Ver­sant-backed Gotham Ther­a­peu­tics launch­es with $54M round and a new way to con­nect on mR­NA

New York has added an­oth­er biotech start­up to its grow­ing ros­ter for the Big Ap­ple hub.

Samie Jaf­frey

The com­pa­ny is Gotham Ther­a­peu­tics, which now has a $54 mil­lion launch round to back its work on a plat­form built on the in­sights gleaned by Samie Jaf­frey, an in­ves­ti­ga­tor at the Weill Med­ical Col­lege of Cor­nell Uni­ver­si­ty who has spe­cial­ized in post-tran­scrip­tion­al mR­NA mod­i­fi­ca­tions.

 

Lee Babiss

The goal at Gotham is to cre­ate new drugs that can drug key pro­teins which mod­u­late mes­sen­ger RNA, with po­ten­tial­ly a big im­pact on a slate of dis­eases. Can­cer is an ear­ly fo­cus at the ear­ly-stage com­pa­ny, along with au­toim­mune dis­eases as well as a run at neu­ro­sciences, but CEO Lee Babiss is re­luc­tant to go in­to much de­tail about the specifics of their work.

That’s al­so some­thing you can ex­pect to see in a start­up, where no one likes to get in­to the weeds on drug pro­grams, or de­vel­op­ment time­lines. But the sci­ence de­serves a close look.

“While aca­d­e­m­ic re­search and the phar­ma­ceu­ti­cal in­dus­try fo­cused ini­tial­ly on mod­i­fi­ca­tions of DNA, a grow­ing body of ev­i­dence in­di­cates that mR­NA mod­i­fi­ca­tions help de­ter­mine to which de­gree genes are trans­lat­ed in­to pro­teins. RNA mod­i­fi­ca­tions and their as­so­ci­at­ed pro­tein com­plex­es there­fore rep­re­sent an un­tapped fron­tier that could yield new ther­a­peu­tic ap­proach­es,” says Jaf­frey.

In Babiss the ven­ture back­ers found some­one with a deep lev­el of ex­pe­ri­ence in R&D. He is the for­mer pres­i­dent of phar­ma re­search at Roche and was al­so the CSO at PPD, a big CRO.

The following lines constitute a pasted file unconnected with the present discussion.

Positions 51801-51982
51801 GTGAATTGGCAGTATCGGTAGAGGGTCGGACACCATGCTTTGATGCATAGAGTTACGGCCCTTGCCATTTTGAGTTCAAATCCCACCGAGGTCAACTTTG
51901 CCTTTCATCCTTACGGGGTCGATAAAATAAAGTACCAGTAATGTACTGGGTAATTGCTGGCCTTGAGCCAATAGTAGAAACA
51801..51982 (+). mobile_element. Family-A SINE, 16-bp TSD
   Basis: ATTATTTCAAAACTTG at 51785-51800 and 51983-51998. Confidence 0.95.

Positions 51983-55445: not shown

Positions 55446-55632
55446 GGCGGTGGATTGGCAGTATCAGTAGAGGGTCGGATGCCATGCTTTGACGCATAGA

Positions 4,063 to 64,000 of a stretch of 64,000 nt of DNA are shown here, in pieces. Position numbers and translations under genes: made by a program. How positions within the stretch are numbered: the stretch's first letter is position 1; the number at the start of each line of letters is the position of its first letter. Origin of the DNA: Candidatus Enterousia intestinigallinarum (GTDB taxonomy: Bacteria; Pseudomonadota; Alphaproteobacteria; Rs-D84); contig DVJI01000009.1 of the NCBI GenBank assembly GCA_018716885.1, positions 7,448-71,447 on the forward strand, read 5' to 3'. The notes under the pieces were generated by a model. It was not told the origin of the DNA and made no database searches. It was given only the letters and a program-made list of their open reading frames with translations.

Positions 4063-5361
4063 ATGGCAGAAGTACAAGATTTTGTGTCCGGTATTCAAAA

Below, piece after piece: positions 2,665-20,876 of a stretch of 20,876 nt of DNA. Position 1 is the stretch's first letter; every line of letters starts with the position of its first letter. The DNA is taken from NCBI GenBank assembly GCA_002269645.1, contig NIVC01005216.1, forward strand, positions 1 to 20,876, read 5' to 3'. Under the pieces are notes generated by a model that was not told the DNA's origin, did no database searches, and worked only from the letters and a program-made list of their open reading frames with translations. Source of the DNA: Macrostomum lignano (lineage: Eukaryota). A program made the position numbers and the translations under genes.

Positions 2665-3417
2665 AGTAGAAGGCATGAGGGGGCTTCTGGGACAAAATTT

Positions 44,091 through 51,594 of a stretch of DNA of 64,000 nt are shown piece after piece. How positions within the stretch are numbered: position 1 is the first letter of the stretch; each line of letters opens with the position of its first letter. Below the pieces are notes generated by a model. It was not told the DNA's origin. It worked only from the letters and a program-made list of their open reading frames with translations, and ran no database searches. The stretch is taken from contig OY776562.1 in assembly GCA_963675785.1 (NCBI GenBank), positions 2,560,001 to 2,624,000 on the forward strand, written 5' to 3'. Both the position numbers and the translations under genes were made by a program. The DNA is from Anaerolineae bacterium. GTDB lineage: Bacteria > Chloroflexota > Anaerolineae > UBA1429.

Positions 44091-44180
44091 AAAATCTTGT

That will help. Gotham is keep­ing the staffing lev­els low, with 6 full timers on the pay­roll. That might ex­pand a lit­tle, but Babiss wants much of the heavy lift­ing to be done by con­tract work­ers, keep­ing the team at Gotham — which in­cludes a sub in Mu­nich — at a vir­tu­al lev­el.

Seed in­vestor Ver­sant Ven­tures led the round, along with For­bion and GSK’s SR One. The syn­di­cate al­so in­cludes Cel­gene and Alexan­dria Ven­ture In­vest­ments.

Susan Galbraith, AstraZeneca EVP, oncology R&D, at EUBIO22 (Rachel Kiki for Endpoints News)

Up­dat­ed: As­traZeneca jumps deep­er in­to cell ther­a­py 2.0 space with $320M biotech M&A

Right from the start, the execs at Neogene had some lofty goals in mind when they decided to try their hand at a cell therapy that could tackle solid tumors.

Its founders have helped hone a new approach that would pack in multiple neoantigen targets to create a personalized TCR treatment that would not just make the leap from blood to solid tumors, but do it with durability. And they managed to make their way rapidly to the clinic, unveiling their first Phase I program for advanced tumors just last May.

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Ei­sai’s ex­pand­ed Alzheimer’s da­ta leave open ques­tions about safe­ty and clin­i­cal ben­e­fit

Researchers still have key questions about Eisai’s investigational Alzheimer’s drug lecanemab following the publication of more Phase III data in the New England Journal of Medicine Tuesday night.

In the paper, which was released in conjunction with presentations at an Alzheimer’s conference, trial investigators write that a definition of clinical meaningfulness “has not been established.” And the relative lack of new information, following topline data unveiled in September, left experts asking for more — setting up a potential showdown to precisely define how big a difference the drug makes in patients’ lives.

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Illustration: Assistant Editor Kathy Wong for Endpoints News

Twit­ter dis­ar­ray con­tin­ues as phar­ma ad­ver­tis­ers ex­tend paus­es and look around for op­tions, but keep tweet­ing

Pharma advertisers on Twitter are done — at least for now. Ad spending among the previous top spenders flattened even further last week, according to the latest data from ad tracker Pathmatics, amid ongoing turmoil after billionaire boss Elon Musk’s takeover now one month ago.

Among 18 top advertisers tracked for Endpoints News, only two are spending: GSK and Bayer. GSK spending for the full week through Sunday was minimal at just under $1,900. Meanwhile, German drugmaker Bayer remains the industry outlier upping its spending to $499,000 last week from $480,000 the previous week. Bayer’s spending also marks a big increase from a month ago and before the Musk takeover, when it spent $16,000 per week.

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Vi­a­tris with­draws ac­cel­er­at­ed ap­proval for top­i­cal an­timi­cro­bial 24 years lat­er